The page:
In nature, water traverses all sorts of terrain (hills, mountains, valleys) on its way to the sea. When it flows unobstructed, it finds its way over, under, or around any barrier. In our lives, we too encounter varied terrain and sometimes seemingly insurmountable barriers. Our path may seem blocked. We can get stuck in a valley and perceive no way out. We may become frozen with fear. This point, used for its spiritual connotation (at any time of day), can penetrate into the depths of the valley and clear the way, lifting us beyond the obstacles, liberating us from the fear of an unknown future.
UB 58: Fly and Scatter
As the Junction (Luo Connecting) point of the meridian, UB 58 can be used to create balance and harmony between the two Water Officials if we find, by pulse diagnosis, that the Kidney has a relative excess of energy while the Bladder has a relative deficiency. These Officials must share the available energy equally in order to function optimally. Tonifying UB 58 will draw the excess from Kidney to Bladder, bringing brother and sister Officials together in perfect harmony.
Used for its spiritual connotation, this point brings peace, order, and harmony to scattered components, especially thoughts and feelings. It creates order from chaos. To some Water-imbalanced patients, even a slight disturbance can be perceived as a major catastrophe, viewed far out of proportion. The mind can fly off in a million directions, imagining all sorts of alarming scenarios. In Nature, water effortlessly takes the exact shape of whatever contains it. In a state of balance, the same happens within us. Harmony in the Bladder Official means using only the appropriate amount of reserve for the task at hand - neither over nor underdoing. However, when the water is not contained or without boundaries, it scatters and flows everywhere, randomly and uncontrolled. It is easy to see how the mind can "freak out" and lose its stability and peace. As the natural flow of the mind is disrupted, we may babble uncontrollably or, in the opposite extreme, become frozen and rigid. The spirit will similarly be disturbed as our will and determination diminish with the scattering and depletion of our reserves. This point, used appropriately, can restore the calm and containment vital to our sense of security and instinct of survival.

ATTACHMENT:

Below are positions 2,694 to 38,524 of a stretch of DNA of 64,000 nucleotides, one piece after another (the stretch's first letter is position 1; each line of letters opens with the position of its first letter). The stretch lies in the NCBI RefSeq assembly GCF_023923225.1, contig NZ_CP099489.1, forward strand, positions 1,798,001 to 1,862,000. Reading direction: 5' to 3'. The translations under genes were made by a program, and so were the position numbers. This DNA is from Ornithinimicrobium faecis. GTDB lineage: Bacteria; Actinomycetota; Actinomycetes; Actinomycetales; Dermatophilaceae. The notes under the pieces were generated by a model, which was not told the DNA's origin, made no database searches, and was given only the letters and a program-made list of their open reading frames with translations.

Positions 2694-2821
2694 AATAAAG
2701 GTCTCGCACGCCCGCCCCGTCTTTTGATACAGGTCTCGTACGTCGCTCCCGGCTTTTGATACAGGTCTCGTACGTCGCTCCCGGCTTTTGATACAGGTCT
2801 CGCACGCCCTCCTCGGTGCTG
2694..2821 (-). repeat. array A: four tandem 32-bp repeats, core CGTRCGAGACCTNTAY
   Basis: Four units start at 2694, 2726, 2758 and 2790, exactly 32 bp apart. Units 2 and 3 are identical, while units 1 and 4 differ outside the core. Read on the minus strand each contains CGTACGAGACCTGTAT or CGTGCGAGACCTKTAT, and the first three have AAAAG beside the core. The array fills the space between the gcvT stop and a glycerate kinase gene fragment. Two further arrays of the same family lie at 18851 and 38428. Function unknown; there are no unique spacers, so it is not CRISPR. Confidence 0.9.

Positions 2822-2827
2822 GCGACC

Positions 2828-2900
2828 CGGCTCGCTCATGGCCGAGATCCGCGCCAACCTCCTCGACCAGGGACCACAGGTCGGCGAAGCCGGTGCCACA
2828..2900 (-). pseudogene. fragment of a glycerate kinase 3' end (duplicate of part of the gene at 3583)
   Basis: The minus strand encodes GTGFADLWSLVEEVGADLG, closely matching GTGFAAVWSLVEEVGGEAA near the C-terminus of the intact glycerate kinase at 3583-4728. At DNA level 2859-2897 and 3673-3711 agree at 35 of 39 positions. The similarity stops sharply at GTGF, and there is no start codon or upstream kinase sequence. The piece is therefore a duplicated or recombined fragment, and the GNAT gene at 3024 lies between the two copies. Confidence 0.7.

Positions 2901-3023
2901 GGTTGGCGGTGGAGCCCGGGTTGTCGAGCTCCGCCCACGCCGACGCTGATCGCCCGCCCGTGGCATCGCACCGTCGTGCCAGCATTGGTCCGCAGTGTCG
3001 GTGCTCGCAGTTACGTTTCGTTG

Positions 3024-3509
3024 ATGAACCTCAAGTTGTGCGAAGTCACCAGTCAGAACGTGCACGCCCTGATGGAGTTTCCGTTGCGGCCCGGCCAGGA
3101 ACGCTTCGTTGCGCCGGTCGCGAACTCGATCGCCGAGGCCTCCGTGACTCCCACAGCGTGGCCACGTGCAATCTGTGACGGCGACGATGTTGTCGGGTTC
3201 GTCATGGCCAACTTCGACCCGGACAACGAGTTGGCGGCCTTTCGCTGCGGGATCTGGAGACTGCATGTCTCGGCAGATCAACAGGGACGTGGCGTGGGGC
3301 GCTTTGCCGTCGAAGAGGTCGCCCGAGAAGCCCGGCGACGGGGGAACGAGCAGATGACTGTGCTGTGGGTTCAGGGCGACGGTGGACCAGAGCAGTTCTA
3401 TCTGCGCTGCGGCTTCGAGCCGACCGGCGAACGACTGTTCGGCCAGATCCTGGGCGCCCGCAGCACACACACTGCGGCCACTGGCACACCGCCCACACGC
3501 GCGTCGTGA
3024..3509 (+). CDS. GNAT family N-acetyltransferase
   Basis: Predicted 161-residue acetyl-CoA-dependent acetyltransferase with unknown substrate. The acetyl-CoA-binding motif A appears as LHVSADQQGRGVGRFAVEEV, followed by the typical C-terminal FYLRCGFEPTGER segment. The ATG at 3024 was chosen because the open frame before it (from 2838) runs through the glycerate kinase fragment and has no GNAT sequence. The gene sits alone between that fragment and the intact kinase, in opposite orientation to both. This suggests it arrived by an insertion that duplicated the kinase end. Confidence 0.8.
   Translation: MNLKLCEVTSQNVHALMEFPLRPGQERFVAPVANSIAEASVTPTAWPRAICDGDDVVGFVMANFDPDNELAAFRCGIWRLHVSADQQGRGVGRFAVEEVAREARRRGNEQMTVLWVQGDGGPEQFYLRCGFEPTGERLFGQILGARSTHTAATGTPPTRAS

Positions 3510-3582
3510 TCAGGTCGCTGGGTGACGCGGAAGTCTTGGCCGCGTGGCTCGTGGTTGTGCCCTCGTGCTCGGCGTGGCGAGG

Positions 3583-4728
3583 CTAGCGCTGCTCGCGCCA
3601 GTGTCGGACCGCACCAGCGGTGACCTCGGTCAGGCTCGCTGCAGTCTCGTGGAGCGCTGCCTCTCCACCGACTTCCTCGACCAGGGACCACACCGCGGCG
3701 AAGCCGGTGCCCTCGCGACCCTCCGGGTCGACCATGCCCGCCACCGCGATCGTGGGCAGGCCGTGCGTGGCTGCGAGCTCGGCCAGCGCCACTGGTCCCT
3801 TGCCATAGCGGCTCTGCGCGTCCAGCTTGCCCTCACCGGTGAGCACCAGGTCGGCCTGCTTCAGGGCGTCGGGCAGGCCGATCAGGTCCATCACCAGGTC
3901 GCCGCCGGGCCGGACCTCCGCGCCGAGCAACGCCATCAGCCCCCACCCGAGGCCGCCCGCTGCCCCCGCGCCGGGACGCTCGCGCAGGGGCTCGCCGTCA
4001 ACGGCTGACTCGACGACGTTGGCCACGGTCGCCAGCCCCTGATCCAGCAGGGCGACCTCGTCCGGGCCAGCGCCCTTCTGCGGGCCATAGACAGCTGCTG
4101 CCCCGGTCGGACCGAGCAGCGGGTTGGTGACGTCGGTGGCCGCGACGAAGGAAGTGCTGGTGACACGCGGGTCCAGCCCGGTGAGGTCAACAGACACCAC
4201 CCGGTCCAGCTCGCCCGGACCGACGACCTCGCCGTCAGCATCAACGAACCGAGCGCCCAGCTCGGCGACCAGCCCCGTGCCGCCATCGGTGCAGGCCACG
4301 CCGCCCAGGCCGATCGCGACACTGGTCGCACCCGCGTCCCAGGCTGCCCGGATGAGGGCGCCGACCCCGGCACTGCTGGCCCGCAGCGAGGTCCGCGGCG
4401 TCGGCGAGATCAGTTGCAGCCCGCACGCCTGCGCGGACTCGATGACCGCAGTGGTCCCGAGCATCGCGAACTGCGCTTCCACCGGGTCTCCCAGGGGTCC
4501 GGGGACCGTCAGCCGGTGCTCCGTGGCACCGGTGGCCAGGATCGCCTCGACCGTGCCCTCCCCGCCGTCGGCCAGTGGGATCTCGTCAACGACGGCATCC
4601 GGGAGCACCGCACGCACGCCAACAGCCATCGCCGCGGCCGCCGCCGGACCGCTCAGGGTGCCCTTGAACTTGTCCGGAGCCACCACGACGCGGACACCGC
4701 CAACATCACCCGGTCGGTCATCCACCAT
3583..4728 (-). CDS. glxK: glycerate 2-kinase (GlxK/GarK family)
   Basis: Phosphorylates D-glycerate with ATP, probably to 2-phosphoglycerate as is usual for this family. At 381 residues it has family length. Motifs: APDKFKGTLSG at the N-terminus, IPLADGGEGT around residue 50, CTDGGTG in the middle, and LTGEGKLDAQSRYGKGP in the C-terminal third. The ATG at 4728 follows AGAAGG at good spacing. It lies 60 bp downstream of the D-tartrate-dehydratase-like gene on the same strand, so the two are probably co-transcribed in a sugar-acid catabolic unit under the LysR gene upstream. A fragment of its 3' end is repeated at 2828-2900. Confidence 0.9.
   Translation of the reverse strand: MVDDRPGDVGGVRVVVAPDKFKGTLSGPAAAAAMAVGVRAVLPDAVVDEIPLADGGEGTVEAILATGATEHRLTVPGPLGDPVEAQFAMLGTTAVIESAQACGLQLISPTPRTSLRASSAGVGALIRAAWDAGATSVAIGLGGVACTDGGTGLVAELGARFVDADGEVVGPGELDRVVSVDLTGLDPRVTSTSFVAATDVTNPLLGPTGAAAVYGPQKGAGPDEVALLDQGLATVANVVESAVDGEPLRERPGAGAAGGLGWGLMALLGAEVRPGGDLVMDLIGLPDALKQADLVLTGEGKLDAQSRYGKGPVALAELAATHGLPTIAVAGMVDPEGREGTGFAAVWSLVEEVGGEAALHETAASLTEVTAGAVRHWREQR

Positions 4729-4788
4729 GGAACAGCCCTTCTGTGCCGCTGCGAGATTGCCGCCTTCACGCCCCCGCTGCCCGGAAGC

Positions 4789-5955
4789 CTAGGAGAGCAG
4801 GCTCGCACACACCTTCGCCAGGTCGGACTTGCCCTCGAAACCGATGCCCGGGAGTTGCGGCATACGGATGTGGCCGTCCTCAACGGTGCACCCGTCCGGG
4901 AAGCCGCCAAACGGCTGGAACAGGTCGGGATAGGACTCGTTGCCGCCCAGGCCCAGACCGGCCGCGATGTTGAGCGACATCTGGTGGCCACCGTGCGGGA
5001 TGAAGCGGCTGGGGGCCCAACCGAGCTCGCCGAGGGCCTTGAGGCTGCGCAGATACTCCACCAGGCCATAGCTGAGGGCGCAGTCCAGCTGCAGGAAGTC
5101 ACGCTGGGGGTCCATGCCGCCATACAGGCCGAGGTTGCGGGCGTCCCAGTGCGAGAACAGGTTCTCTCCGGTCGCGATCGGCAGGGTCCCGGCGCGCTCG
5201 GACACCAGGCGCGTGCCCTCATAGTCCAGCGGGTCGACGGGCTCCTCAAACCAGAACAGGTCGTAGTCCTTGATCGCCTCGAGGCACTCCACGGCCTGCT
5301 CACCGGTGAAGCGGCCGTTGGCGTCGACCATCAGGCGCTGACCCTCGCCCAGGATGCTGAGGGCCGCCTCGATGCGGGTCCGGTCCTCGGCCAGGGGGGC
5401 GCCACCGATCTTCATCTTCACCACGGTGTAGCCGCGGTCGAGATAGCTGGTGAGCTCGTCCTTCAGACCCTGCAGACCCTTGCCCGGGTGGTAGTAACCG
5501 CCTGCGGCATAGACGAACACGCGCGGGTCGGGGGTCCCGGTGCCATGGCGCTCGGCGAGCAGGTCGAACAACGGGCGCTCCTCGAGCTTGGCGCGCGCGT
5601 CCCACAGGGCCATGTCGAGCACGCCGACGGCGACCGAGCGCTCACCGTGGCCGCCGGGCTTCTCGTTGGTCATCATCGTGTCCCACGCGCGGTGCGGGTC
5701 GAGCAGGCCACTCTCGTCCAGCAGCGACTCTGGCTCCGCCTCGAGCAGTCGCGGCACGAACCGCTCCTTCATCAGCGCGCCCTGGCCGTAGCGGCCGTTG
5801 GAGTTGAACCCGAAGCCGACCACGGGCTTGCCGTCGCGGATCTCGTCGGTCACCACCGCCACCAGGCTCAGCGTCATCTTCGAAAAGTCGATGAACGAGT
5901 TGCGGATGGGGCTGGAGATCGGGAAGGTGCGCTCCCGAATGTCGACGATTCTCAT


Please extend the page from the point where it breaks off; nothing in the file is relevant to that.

Bladder Meridian (BL, UB)
The Foot Greater Yang (Tai Yang) of the Bladder 67 points
The urinary bladder channel of the Foot-Taiyang originates from the inner canthus of the eye. Passing through the forehead, it flows up to the vertex. It bifurcates above the posterior hairline into two lines. One line runs from the posterior aspect of the neck downward along the medial border of the scapula (3 cun lateral to the back mid-line). Passing through the gluteal region. Another line runs straight downward (1.5 cun lateral to the mid-line of the back) to the lumbar region. From there it descends along the posterior aspect of the thigh to the popliteal fossa. Descending to the posterior aspect of the gastrocnemius muscle and further to the posterior inferior aspect of the lateral malleolus. Ending at lateral posterior side of the tip of the little toe.
View Bladder Meridian Point Locations.
The Art of Practice Management for Acupuncture Health Care Practices
What you will find in this book is a specific, comprehensive approach that gets to the root cause of success in practice.
This new book presents acupuncture practice as art from the standpoint of centering, qi, and wholeness. It builds on the premise that practices succeed from bridging inner and outer aspects of the self. It is an inquiry into the self and addresses clear understandings and approaches to reputable patient care and practice qi. It brings in the five elements and work with the seasons of practice from training and start-up to growth, stability, expansion and transformation. The authors artfully bridges the essence of both patient and practitioner well-being without excluding the practicalities of financial well-being. This book very specifically and extensively shows how the different parts of practice nourish and feed one another and are interdependent on one another for the qi to flow synchronistically.
It explores the dual nature of procedures that work and those which do not in acupuncture health care practice, returning again and again to the delicate balance of practicality and spirituality.